In the second half of the nineteenth century, Russia’s most brilliant administrator, Finance and Prime Minister Count Sergei Witte, spearheaded Asian development by building the Trans-Siberian railroad, the longest in the world. The empire added the Chinese-Eastern Railroad across Manchuria, which later reverted to Chinese control. These still work better than the Soviet-era Baikal-Amur railroad, which was primarily built to supply Soviet troops in case of a war with China.
The first blow came when Russia lost a war to the rising Empire of Japan in 1904–1905. As the Romanov Empire collapsed in 1917, Russia’s Far East declared independence, and American and Japanese troops temporarily occupied the region. When the communists took over, a few businessmen, engineers and lawyers ran. Under Stalin, the Gulag generals and the military administered the vast, faraway lands, which experienced repeated clashes with the Japanese. Hundreds of thousands perished in the Kolyma camps, mining for gold and cutting primeval forests.
The Soviet and postcommunist-Russia period was particularly hard on the Far East. The Russian population east of Lake Baikal is only six million and falling. Ethnic Russians are leaving for its European part. Today, the region borders Chinese provinces, such as Heilongjiang, each sevenfold more populous than East Siberia and the Russian Far East combined.
A Long Way to Go
Despite all the sweet talk, Moscow and the Russian elites still do not trust Beijing, feeling dwarfed by its burgeoning economic power and growing military might. It resents becoming China’s “raw-materials appendage”—as it resented it a decade before being one of the West’s.
In 2010, for the first time in decades, Russia ordered an “East 2010” military exercise, which dispatched two divisions by train across Siberia and simulated tactical nuclear strikes to repel unnamed foreign aggression. It was a message clearly addressed to China.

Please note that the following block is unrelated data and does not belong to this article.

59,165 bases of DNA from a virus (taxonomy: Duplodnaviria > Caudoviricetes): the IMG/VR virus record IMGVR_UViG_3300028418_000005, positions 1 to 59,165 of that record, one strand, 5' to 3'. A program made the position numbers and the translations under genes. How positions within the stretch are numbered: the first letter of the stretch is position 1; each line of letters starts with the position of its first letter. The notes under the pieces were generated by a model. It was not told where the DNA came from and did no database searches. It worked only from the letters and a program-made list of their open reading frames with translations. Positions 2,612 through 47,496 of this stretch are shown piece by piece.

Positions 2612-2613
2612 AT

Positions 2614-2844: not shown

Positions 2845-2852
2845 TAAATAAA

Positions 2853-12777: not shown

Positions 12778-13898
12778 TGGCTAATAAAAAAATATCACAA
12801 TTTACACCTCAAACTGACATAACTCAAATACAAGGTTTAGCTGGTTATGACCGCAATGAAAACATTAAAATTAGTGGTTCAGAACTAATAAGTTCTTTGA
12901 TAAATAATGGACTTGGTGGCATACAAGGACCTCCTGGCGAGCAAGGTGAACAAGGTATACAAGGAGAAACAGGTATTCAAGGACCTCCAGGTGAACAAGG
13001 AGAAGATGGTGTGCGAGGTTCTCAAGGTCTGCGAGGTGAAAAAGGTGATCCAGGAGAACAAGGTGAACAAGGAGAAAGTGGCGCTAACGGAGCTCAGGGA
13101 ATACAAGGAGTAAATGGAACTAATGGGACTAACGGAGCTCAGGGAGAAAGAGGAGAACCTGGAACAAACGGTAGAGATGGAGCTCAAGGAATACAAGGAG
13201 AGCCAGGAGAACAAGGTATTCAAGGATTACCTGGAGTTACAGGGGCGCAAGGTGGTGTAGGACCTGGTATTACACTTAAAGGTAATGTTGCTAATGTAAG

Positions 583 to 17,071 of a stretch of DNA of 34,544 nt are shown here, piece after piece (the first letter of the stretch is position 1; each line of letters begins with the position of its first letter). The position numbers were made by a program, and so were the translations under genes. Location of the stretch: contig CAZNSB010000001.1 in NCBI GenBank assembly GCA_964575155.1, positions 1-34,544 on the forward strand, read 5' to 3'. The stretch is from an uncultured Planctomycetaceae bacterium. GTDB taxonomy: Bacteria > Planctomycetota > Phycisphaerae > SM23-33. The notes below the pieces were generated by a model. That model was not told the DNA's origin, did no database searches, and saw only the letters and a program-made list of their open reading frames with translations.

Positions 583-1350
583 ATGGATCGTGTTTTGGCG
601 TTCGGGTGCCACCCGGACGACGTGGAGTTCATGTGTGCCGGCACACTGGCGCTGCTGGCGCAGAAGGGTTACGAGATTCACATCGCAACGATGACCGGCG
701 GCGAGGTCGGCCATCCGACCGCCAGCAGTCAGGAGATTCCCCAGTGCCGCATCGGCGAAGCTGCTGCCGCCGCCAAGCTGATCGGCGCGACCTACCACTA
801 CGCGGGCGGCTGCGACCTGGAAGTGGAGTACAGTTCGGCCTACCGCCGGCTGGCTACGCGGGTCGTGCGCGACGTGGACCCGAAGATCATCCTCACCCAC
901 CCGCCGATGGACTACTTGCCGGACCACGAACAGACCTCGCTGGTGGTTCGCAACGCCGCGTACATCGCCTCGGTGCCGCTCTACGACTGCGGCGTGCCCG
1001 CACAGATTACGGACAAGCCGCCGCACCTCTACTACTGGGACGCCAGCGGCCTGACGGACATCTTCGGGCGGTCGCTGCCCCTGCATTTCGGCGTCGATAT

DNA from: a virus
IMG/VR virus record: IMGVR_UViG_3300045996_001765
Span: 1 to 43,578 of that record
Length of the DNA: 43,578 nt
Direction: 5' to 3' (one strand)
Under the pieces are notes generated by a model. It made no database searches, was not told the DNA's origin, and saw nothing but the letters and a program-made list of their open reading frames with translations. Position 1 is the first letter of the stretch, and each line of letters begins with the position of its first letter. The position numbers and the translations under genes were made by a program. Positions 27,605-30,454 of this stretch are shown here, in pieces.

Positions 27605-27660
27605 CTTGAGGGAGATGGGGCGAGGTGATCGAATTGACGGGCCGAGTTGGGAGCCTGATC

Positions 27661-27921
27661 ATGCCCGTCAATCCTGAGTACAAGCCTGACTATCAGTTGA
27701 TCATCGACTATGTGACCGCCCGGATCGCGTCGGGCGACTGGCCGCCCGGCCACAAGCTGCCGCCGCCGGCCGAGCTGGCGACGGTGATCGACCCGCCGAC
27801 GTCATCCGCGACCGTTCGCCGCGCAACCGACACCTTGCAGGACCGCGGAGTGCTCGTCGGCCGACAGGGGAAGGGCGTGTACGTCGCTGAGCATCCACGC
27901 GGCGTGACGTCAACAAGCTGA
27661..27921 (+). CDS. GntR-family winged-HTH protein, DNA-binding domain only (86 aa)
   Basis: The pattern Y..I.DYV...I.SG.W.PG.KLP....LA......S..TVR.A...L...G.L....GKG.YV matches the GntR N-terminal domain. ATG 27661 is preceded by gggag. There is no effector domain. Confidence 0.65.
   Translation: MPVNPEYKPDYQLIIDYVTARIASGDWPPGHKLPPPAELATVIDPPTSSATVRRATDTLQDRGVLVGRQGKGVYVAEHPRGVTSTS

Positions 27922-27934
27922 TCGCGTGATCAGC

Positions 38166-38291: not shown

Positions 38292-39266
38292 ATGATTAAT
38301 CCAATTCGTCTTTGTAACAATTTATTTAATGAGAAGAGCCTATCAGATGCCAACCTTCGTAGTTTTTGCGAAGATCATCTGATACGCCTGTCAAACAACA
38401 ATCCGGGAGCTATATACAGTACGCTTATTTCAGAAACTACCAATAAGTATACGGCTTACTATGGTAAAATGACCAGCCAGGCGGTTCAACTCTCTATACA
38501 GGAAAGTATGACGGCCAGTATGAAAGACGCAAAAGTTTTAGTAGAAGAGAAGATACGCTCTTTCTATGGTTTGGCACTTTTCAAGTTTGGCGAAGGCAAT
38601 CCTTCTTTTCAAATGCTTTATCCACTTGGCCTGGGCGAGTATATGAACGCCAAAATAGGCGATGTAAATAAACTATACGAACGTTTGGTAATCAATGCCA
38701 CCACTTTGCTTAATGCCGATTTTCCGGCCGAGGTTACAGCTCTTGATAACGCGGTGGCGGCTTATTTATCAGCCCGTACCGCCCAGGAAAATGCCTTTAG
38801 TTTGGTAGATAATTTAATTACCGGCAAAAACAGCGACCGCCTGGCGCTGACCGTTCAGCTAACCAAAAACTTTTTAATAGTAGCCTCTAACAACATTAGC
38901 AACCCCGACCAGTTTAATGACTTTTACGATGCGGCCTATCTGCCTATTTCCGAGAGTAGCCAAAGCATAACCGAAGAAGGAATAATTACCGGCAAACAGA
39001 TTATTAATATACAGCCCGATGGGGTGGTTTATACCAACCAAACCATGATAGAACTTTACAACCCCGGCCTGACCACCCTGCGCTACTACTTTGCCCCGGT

Russian relations with Japan are frozen because of the Kurile Islands (the Northern Territories) problem. The USSR occupied the four islands in 1945, when, at President Roosevelt’s request, Stalin broke a nonaggression treaty with Tokyo at the tail end of World War II and occupied the southern part of Sakhalin as well as the islands. Today, Russia benefits from rich fisheries in the Kurile Islands’ waters, but Japanese investment is frozen.
Foreign investment and economic development need three preconditions: a positive security climate; the rule of law; and basic infrastructure. Russia has a long way to go on all three. It needs to have good relations with the major pacific powers—the United States, China and Japan—while further developing ties with Canada, Korea, Australia and others.
It needs to overhaul its courts and eradicate corruption. Most importantly, it needs to continue developing modern infrastructure and attract high-quality personnel to the Far East. The potential is tremendous. Can Russia rise to the challenge?
Ariel Cohen, Ph.D., is senior research fellow in Russian and Eurasian Studies and International Energy Policy at The Heritage Foundation (www.heritage.org).
First appeared in The National Interest.